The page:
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Reverb For A Better Tomorrow

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Here is something to try if you want to spice up your reverb. I've become very interested recently in finding ways to make computer/MIDI based productions sound organic and create some of the nonlinear feel that live recordings and real instruments have. Whether you feel this is a worthwhile detail to add is up to you, but it only takes a few minutes to set up and is a good example of 'thinking outside the box' that will hopefully promote your having some creative ideas of your own.

Usually when we are mixing and it comes time to add reverb, we bus it to a separate channel, play around with reverb settings and mix level and call it a day. This is all well and good, but sometimes maybe a bit too vanilla and static, especially if you are working with a rather flat MIDI recording or patch to begin with.

For this example I am using about the most basic kick drum patch available in Logic and set it to a quantized 1/4 note pattern all at an 80 velocity level.

The original kick.

The first thing I like to do is turn my reverb into a chord. On my reverb bus, the first insert I will put on will actually be a pitch shifting plug-in to shift the incoming audio a few steps to match the key of the song or to just slightly offset the pitch to create a more interesting sound.

In this example, the kick drum is a G and I've pitched the bused kick up 3 semitones to form the 'naming tones' of a G minor chord.

The kick mixed with a pitch shifted version of itself.

With the Space Designer reverb in the next insert slot, I set the tail to decay in a tempo related way (here I have it set to 1/8 notes) and roll off some of the highs (to set it further back in the mix) and extreme lows (to keep the bottom end clear), which is all rather straightforward reverb technique.

The reverb tail section.

The reverb EQ section

The added reverb creating a chordal relationship with the kick.

The next thing I like to do is to modulate my reverb in some way. Here I have put a flanger on it and dropped the mix down so it is barely noticeable. This helps to keep the reverb from being static even in static MIDI/patch situations.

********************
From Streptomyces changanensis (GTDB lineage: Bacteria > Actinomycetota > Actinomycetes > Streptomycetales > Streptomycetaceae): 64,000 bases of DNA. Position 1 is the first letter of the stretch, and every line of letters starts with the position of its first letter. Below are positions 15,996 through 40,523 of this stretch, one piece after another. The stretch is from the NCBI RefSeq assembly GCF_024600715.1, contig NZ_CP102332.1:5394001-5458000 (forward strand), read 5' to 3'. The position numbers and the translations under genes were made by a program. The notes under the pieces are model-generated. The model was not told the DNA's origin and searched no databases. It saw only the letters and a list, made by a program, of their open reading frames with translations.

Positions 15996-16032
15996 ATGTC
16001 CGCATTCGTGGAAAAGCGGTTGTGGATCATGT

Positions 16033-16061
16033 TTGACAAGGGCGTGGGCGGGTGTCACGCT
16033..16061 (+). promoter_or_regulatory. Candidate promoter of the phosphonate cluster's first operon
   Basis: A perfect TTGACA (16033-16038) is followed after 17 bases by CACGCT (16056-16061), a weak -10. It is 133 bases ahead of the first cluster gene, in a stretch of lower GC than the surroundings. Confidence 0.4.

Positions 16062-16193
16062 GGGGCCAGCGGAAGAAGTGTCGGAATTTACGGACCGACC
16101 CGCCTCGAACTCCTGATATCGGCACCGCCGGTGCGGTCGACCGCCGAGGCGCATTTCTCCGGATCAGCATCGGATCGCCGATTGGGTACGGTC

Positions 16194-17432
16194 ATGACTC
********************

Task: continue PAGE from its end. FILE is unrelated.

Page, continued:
The flanger modulating the reverb.

The final step I usually take is to slap an enveloper plugin on (I am a big fan of tight sounds, so I use a ton of these), and tighten the reverb up to personal taste. This may seem a bit counter-intuitive as I set my reverb tail to a musical value and then completely disregard it with the enveloper.

The logic in this though is that I can not modulate almost all of the parameters in Space Designer and can automate the enveloper's release to act on the already set 1/8 note time to slightly extend or shorten it.

Here I have just penciled in some random changes to the enveloper to subtly change the reverb release time and give the kick a greater sense of movement while still maintaing its presence in the center of the mix. You can get a lot more scientific with it and pencil in longer decay times for louder portions and shorter decay times for softer portions (or however you see fit) so that things ebb and flow in accordance with your song.

The enveloper with the tail being modulated through automation.

How our final output would have sounded with just the reverb and no other effects.

There is obviously a ton more you can do (tremolo comes to mind) so have fun experimenting around with this and liven up the static.

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